Driving after stroke
You are not allowed to drive for a month after a stroke or transient ischaemic attack (TIA). Some people have to stop driving for longer, or will not be able to drive again. You should always get individual advice from your doctor about your stroke and any other health conditions that affect your driving.
The team of stroke professionals involved in your care may help with assessing the skills you need for driving. They can also advise whether it is safe for you to return to driving. Read the below to find out more, and check online stroke.org.uk/driving.
- You must not drive for a calendar month after a stroke or transient ischaemic attack (TIA).
- It is your responsibility to tell the DVLA (DVA in Northern Ireland) about any medical condition that affects your driving.
- If you have a licence to drive a large goods vehicle (LGV) or passenger carrying vehicle (PCV), you must tell the DVLA about your stroke or TIA straight away.
- Car and motorbike drivers don’t usually need to tell the DVLA about a stroke in the first month, but there are some exceptions.
- If you have a car or motorbike licence, and you can drive safely, you may be able to start driving again after a month. But it depends on what type of stroke you had, and other health conditions like epilepsy.
Do I need to tell the DVLA/DVA about my stroke?
If you drive a car or motorbike and you had a single transient ischemic attack (TIA) or stroke with no brain surgery or seizures, you can usually start driving again after one calendar month. You only need to tell the DVLA/DVA if your stroke affects your ability to drive.
The exception is if you had a type of stroke due to a bleed in the brain. See below for more information. If you are not sure, always get individual advice about your stroke or the effects of stroke from your stroke team or GP.
You must notify the DVLA/DVA if any of the following apply:
- You are a Group 2 driver (lorry and bus).
- Your ability to drive has been affected.
- You had several TIAs.
- You had more than one stroke in three months.
- You had a subarachnoid haemorrhage (brain bleed).
- You had any seizures.
- You had brain surgery.
- Your doctor tells you not to drive.
- If your disability or health gets worse.
Car and motorbike drivers
One calendar month after a stroke or TIA, if your stroke has affected your driving, you must tell the DVLA/DVA. See the next page for more information about how stroke can affect driving ability.
If you had a type of haemorrhagic stroke (bleed in the brain) called a subarachnoid haemorrhage, you must tell the DVLA/DVA.
If you are not sure what type of stroke you had, speak to your stroke team or GP. If you need to drive a vehicle with adapted controls, you must tell the DVLA/DVA, as you need changes to your driving licence.
Large vehicle drivers
If you drive a large vehicle such as a lorry or bus, you must tell the DVLA/DVA about your stroke or TIA as soon as possible. You can’t drive for a minimum of one year after the stroke or TIA. Whether you can drive again will depend on the type of stroke you had, and how the stroke has affected you. If you are unsure, ask your GP or a member of your stroke team, and speak to the DVLA/DVA.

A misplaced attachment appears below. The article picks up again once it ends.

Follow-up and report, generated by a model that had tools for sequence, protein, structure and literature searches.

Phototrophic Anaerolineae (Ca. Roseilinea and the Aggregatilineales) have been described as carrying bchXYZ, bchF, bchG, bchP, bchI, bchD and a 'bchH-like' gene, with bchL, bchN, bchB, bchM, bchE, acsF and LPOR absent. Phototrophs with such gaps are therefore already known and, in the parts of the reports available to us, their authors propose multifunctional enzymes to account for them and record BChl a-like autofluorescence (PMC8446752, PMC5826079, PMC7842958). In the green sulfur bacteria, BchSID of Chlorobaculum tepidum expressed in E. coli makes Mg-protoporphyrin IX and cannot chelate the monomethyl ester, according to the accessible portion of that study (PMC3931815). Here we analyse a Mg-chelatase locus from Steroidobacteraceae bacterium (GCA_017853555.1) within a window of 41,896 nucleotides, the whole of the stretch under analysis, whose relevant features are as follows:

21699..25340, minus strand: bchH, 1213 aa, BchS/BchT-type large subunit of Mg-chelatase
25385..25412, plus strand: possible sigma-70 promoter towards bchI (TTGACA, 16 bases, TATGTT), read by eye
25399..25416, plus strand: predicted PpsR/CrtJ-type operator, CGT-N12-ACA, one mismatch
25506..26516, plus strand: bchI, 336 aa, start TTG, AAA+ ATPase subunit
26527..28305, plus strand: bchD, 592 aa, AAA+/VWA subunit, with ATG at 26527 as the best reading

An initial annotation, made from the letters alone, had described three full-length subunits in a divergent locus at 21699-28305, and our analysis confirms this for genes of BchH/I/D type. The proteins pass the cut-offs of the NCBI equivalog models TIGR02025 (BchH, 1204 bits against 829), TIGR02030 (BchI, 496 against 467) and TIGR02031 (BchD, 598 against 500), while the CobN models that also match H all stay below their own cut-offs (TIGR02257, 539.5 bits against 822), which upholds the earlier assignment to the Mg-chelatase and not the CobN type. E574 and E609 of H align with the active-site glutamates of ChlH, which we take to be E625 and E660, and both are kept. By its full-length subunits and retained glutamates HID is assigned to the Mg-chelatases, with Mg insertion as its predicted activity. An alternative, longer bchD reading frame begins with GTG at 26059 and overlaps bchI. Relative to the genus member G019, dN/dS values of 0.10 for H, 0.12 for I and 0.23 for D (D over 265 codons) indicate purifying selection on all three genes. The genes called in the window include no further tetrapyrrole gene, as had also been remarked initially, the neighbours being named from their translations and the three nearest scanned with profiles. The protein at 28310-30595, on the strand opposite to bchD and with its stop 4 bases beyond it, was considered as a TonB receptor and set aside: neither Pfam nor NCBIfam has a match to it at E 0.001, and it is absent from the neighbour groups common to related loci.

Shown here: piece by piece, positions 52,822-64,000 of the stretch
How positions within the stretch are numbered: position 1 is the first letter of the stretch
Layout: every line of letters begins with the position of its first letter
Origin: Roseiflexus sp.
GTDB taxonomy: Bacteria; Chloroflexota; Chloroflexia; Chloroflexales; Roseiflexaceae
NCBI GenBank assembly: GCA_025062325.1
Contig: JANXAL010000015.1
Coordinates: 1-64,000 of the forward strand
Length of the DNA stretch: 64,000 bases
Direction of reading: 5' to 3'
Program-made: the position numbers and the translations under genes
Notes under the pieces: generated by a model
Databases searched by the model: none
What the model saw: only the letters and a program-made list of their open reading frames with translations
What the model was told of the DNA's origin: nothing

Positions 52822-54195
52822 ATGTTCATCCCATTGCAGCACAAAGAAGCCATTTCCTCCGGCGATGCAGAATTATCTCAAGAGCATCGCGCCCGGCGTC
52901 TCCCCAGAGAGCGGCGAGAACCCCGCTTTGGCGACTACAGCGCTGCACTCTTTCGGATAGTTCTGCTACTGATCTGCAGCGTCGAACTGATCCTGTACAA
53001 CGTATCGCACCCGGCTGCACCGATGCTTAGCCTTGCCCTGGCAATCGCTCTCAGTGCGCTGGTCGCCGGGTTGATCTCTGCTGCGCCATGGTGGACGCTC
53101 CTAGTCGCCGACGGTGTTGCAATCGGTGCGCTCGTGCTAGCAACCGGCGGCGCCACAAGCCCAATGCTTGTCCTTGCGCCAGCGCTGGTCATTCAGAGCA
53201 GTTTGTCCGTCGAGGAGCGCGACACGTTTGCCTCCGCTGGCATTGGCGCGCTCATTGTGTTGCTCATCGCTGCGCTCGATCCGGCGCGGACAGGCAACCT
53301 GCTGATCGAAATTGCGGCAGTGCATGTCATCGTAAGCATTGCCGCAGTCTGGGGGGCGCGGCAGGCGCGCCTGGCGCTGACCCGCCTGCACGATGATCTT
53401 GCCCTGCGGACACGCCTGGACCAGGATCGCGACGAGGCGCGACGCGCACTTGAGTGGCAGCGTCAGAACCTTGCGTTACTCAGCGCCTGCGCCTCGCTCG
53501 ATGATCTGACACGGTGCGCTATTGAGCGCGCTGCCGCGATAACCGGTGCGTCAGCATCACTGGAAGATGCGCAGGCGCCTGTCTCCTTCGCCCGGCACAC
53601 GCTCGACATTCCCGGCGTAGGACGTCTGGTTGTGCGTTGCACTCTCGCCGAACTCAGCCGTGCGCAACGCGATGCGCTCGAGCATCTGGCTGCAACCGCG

What if my doctor says I should not drive?
If your doctor tells you to stop driving for three months or more, you should contact the DVLA/DVA to tell them about your medical condition. You might need to send back your driving licence, but wait until you speak to the DVLA. They will tell you what to do next.
- Download Driving after stroke (PDF)
Blue Badge Scheme
Blue badge applications are processed by your local council. You can apply online using the links above. Or you can contact your local council to apply by telephone or post.
British Insurance Brokers' Association
Consumer helpline: 0370 950 1790
An organisation that can help you find insurance brokers in your local area.
Driver and Vehicle Licensing Agency (DVLA) England, Scotland and Wales
Drivers' medical enquiries: 0300 790 6806
Disabled Motoring UK
Phone: 01508 489 449
A network of centres that offer information and assessment to drivers with disabilities. Contact them to find out where your nearest mobility centre is located and for more information about the services that the centres provide.
Disabled person’s railcard (England, Wales, Scotland)
Phone: 0345 605 0525
This offers a third off rail fares for eligible disabled people in England, Scotland and Wales.
Phone: 0300 456 4566
The Motability scheme enables people with disabilities to hire cars, powered wheelchairs or scooters.
National Association for Bikers with a Disability
Phone: 0844 415 4849
A charity providing information, support and grants to help disabled people enjoy independent motorcycling.
Regional Driving Assessment Centre
Phone: 0300 300 2240
An independent charity dedicated to helping people who are or would like to be drivers or passengers in their own vehicle in order to be independent.
RiDC (the Research Institute for Consumer Affairs)
Phone: 020 7427 2460
This charity provides free, practical and unbiased reports for disabled consumers, including guides to mobility motoring and public transport.
Phone: 02890 666 630
Runs a travel scheme called SmartPass that offers concessions for older people and those claiming Disability Living Allowance in Northern Ireland.
Transport for London (TfL)
Phone: 0343 222 1234
TfL provides information on assisted travel in London, large print and audio versions of their tube maps, maps with details of the step-free stations and a Getting Around London guide.
Disclaimer: The Stroke Association provides the details of other organisations for information only. Inclusion on My Stroke Guide does not constitute a recommendation or endorsement.